- Wait, I coulda sworn that was right. Why isn't it matching?
- Huh? How'd you get that?
- OHHH DAAAAAAAYUMMMMM, I GOT ALL OF 'EM RIGHT!
- Let me see your screen. My answers must be off.
Two years ago, I was making casual rounds at RCHS and walked into Jeff's room to strike up a conversation. He was genuinely interested in using technology but didn't know how. It seemed like he wanted to integrate tech, yet had a system that worked and had been working for years.
Have you been there? Are you there now?
During our summer school prep training, he heard the directive that it was OK to try new ideas and experiment; that's all it took. This teacher immediately got interested in Kahoot, flipping his classroom, and using Google Forms. It didn't take long before Jeff and I were engaging in conversations about putting all of this together in a way that would make his life easier, and the tweet you see above is a direct sign of proof that it's working.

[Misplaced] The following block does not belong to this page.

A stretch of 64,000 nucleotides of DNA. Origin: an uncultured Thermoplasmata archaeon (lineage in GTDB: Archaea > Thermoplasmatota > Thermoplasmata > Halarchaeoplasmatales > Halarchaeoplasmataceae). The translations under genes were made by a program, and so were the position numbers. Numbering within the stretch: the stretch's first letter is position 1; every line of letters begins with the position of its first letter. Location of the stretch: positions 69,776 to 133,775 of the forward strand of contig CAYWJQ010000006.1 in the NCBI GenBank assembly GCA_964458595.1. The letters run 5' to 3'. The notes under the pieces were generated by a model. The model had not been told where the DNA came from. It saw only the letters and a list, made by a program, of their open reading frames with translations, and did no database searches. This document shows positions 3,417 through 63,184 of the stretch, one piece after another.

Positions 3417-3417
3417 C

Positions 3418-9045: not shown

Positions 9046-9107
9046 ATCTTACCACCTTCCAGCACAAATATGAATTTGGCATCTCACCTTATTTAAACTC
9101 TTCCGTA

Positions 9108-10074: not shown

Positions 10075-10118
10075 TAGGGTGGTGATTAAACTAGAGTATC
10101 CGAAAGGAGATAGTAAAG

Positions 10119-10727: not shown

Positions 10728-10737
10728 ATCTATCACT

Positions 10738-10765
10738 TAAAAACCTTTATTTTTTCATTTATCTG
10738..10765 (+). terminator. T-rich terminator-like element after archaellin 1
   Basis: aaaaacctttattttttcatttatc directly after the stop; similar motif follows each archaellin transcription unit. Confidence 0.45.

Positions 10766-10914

Students in his class are watching a video that's 4-7 minutes long, then coming in a working on Desmos to collaborate and work with the content. He's using Google Forms. To be honest, he needs to start blogging and presenting about his journey.
When I asked him about what made him turn the corner, he said that "you gotta hit rock bottom. I was buried with doing things the same way and it was too much. I got the directive from (our summer school coordinator) and that was it. I'm never going back to the old way; I can't."
Rock bottom can mean a lot of things for a lot of different people, but his version was being so stagnant in growth until he rebounded and found inspiration in the form of Desmos, Chromebooks, and the desire to get kids talking more in class.
If you're in a role similar to mine, I hope you can help others rebound from their rock bottom. If you're in the classroom, reach out; there is a whole world of support to help you get where you want to be.
Happy "Rock Bottom" Fishing
As an aside, this same teacher has been contributing a lot of his work to the Desmos Bank. Go to bit.ly/desmosbank and search Jelus in the author section.